It is the now fashionable 4-2-3-1 set up that some Serie A teams use - Empoli among them as a variation of their basic style - and is sometimes referred to as the 'Real Madrid' style, although a strong case could be made for the fact that Italy played parts of last year's World Cup with a similar formation, especially in the ill-fated South Korea game.

The three men playing behind the lone striker can of course be very different in style: by choosing to go with Del Piero and Totti, with Fiore kept to a more withdrawn role, Trapattoni basically chose to play with three potential game-winners and was rewarded when Totti and Del Piero scored quality goals.

Ironically enough, Italy had been under siege for most of the first half as a result of Trapattoni's decision to leave two men only in front of the defence, and Totti's goal had come against the run of play, but this - perhaps perversely - is another reason for the renewed optimism.

It shows that having quality players, and being able to actually use them in a real game instead of reviewing their sick notes, can make you go a long way. And it seems Trap has already made up his mind about his attacking options.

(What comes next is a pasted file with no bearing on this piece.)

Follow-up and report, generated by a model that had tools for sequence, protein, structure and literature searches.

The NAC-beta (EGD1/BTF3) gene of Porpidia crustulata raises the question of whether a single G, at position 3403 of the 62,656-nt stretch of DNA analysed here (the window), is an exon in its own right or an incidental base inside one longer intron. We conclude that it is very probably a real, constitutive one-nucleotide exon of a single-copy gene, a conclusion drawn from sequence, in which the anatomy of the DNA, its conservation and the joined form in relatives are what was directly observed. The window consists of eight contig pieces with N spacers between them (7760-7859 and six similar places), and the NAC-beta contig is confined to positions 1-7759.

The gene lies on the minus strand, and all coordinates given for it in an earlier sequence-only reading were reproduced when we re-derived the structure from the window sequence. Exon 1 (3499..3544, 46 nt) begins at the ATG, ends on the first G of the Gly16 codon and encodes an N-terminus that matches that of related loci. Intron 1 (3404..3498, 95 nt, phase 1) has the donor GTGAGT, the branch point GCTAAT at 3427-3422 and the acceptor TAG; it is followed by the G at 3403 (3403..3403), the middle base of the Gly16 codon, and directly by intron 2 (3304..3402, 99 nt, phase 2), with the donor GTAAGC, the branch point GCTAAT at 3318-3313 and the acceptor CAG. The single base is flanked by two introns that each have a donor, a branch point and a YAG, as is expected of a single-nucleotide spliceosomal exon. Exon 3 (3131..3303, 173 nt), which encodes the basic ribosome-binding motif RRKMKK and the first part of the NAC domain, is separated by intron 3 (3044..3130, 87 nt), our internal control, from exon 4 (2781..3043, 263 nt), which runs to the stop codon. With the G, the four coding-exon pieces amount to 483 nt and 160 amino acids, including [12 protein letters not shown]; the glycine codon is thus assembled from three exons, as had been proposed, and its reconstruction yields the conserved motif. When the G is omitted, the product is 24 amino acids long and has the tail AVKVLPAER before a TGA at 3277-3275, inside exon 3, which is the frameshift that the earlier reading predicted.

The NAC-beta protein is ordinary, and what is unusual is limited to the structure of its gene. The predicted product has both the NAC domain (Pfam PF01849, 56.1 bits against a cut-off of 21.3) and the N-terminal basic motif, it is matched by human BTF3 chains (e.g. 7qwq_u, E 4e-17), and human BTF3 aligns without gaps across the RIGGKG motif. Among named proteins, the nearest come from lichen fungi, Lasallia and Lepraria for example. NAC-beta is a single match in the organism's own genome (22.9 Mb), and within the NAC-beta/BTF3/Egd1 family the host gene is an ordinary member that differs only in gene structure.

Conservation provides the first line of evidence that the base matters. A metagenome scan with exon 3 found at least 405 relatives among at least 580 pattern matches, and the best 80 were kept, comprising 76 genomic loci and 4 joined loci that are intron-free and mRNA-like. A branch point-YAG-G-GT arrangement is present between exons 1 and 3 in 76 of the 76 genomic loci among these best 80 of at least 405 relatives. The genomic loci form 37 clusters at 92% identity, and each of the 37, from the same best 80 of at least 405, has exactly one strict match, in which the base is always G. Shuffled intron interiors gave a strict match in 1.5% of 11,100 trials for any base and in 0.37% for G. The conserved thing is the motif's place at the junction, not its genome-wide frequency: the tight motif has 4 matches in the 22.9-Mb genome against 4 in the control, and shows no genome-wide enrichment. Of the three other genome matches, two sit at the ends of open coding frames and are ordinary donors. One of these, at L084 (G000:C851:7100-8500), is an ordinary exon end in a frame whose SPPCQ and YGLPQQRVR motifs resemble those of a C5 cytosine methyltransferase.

Pippo Inzaghi may have played his last game for Italy, as his style does not fit the current 4-2-3-1 set-up, Vieri and Corradi may juggle the assignment of playing up front while the only doubt could be about Del Piero, whose unfortunate reputation as a "choker" in big games, further enhanced by his passive display in the Champions League Final, might raise some questions in games when his goalscoring contribution falters.

But would you rather have Del Piero in or out of the side? Another big contributor has been Zambrotta, whose evolution from right-sided midfielder to left-sided defender-cum-winger is now complete.

After being arguably Juventus' most dangerous player for most part of the Champions League Final, Zambrotta backed up his reputation with a magnificent, energetic performance in Helsinki, where he popped up everywhere and started the sequence of passes which led to Del Piero's goal.


Despite Paolo Maldini's retirement from international football, the defence seems to be back in shape after criticism during the World Cup and up to the Wales defeat, when Trapattoni said 'some players were still settling in at their new clubs and were uncomfortable', an obvious reference to Nesta and Cannavaro.

The latter gained his 70th cap in the Finland game but could face demotion soon: his performances for Inter were not of the expected quality - a common trait for anyone who dons the black-and-blue striped shirt, apparently - and impressive former Chievo central defender Nicola Legrottaglie could displace him. If Legrottaglie adds to a growing reputation with his new club Juve in the Champions League, Trap will have a hard time leaving him out.

With every player available, a willingness to hold on to the current tactical set-up and Totti, perhaps at his peak, becoming a more and more influential and confident leader, Trapattoni could still end his Italy career with a memorable success.

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Source: Soccernet.com